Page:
When the surf is running from the south, some of the serious surfers on Maui head to La Perouse. Unless you have a key to the gate for the private road, the closest you can get by car is the end of the road well past Big Beach. Some locals have a key. Others carry their boards along the trail described below.
To get to La Perouse, head south past Big Beach and into the Ahihi Kenau Reserve. A few hundred yards past Kanahena Cove (near the west end of the Reserve), the road narrows and the potholes proliferate. You’ll drive about a mile through a large lava field dating from 1790. Shortly after the lava stops you’ll see horse stables to your left and a monument just beyond. You can park here or drive the last hundred yards over an incredibly rough road and park by the ocean. It’s a beautiful spot and if you go no farther the trip is still worthwhile. If you’re very lucky, you may see dolphins resting in the shallows near the shore. Be sure to check out the cove around the bend to the right where you can see many beautiful fish from the shore. It’s private property so please respect the signs – but someone at La Perouse has a sweet spot on earth.
To see the Surfer Memorial you have to take a hike. Much of the trail is exposed and windy, so put on sunscreen, wear a hat with a chin strap and take some water. It’s about 3/4 mile to the memorial over uneven but more or less level terrain. It’s not a difficult hike.
The trail head is obvious – you’ll see it to the left as you face the water. The first part leads through the lava field where you’ll see a few cultural and historic sites (mainly the remains of enclosures made of lava). About two-thirds the way through the lava field is a fun blow hole – at least when the tide is high and the surf is up. (NOTE: blowholes can be dangerous. Keep a safe distance. A tourist was sucked into a bigger one on the north shore of Maui in 2011. His body was never found. A youngster could easily be sucked into this one – and maybe you.)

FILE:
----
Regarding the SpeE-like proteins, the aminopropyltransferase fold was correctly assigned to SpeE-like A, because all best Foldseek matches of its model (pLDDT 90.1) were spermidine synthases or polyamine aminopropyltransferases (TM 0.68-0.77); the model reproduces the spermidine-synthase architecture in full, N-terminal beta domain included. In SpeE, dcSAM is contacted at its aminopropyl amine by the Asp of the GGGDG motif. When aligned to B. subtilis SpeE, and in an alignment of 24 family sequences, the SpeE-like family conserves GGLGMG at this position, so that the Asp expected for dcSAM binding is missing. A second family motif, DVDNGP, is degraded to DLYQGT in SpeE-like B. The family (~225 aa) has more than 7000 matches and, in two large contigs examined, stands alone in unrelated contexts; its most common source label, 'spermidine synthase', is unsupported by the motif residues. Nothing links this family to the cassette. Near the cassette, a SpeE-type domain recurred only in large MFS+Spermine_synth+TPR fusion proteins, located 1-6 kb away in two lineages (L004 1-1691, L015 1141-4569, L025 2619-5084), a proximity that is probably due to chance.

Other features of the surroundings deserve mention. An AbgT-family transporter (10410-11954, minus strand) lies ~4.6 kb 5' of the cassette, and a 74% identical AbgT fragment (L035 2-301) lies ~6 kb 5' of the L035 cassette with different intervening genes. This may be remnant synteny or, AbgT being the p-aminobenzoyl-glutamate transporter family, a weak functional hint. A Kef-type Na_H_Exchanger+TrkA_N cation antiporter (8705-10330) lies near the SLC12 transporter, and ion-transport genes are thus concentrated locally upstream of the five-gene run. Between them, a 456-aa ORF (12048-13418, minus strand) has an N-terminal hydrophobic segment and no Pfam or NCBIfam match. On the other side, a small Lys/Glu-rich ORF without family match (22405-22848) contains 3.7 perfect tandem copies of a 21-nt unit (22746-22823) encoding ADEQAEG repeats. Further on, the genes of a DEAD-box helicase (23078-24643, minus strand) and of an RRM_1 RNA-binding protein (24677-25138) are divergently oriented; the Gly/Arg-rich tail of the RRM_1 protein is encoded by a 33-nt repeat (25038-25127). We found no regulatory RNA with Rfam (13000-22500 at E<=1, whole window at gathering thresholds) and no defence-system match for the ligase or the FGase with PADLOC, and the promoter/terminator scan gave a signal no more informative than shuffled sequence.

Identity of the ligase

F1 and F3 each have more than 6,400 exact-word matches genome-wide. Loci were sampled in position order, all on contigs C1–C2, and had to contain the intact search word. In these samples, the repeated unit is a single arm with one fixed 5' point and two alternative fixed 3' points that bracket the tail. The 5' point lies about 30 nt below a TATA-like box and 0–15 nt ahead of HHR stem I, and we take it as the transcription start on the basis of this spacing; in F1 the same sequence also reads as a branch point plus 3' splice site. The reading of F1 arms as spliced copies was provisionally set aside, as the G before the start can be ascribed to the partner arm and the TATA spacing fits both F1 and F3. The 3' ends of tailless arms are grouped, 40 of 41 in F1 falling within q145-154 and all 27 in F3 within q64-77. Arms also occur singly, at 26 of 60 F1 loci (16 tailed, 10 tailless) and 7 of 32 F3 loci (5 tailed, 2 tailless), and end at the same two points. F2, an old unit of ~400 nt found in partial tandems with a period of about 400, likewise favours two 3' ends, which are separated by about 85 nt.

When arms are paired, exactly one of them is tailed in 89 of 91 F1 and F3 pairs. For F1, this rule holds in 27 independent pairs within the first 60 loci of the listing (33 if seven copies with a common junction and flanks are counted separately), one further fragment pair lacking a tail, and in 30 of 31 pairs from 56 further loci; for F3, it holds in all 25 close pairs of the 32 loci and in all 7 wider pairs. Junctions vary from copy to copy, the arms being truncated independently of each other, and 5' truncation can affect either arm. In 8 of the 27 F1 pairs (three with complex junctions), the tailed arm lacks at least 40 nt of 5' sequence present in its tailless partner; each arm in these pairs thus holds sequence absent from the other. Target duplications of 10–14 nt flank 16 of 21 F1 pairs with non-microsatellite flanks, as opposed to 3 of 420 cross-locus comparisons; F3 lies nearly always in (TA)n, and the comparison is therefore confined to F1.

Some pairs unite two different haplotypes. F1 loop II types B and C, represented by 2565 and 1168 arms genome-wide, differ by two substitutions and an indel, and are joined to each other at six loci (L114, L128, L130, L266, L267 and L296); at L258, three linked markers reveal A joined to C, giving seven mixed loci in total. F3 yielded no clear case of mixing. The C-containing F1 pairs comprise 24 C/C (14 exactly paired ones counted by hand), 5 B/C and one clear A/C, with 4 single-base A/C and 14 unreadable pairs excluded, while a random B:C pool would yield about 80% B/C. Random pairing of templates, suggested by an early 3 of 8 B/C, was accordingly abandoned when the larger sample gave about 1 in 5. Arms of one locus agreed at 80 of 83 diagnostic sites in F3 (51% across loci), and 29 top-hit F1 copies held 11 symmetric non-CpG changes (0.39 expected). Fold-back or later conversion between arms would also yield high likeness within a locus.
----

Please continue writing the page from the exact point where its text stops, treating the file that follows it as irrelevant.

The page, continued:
Not long after you leave the blowhole, the lava field is replaced by a small sandy beach. Beyond the beach the trail enters a welcome shady grove. Look for wild goats in this area. You can’t miss them – there are lots. The one in this picture seems to be chewing on a stick.
The Surfer Memorial is near the end of the grove – just off the trail toward the ocean. If the surf’s up, you may see surfers in the background. Quite a striking sight. In fact, if you click on the picture at the top of this post and enlarge it, you’ll see a surfer paddling out to catch a wave.
In our picture of the memorial we show only one cross and broken board. When you get there, you’ll see two. It’s a great sport, but some of the surfers don’t come home.
Interested in other hikes on Maui? Check out our posts on Mount Haleakala hikes: The Sliding Sands Trail and The Halemauu Trail. To read more about hiking La Perouse Bay, click here.
UPDATE June 5, 2012: on a recent hike of La Perouse trail we discovered that both broken surfboards were gone. There were pieces of one laying beside the memorial but the other was nowhere in sight.
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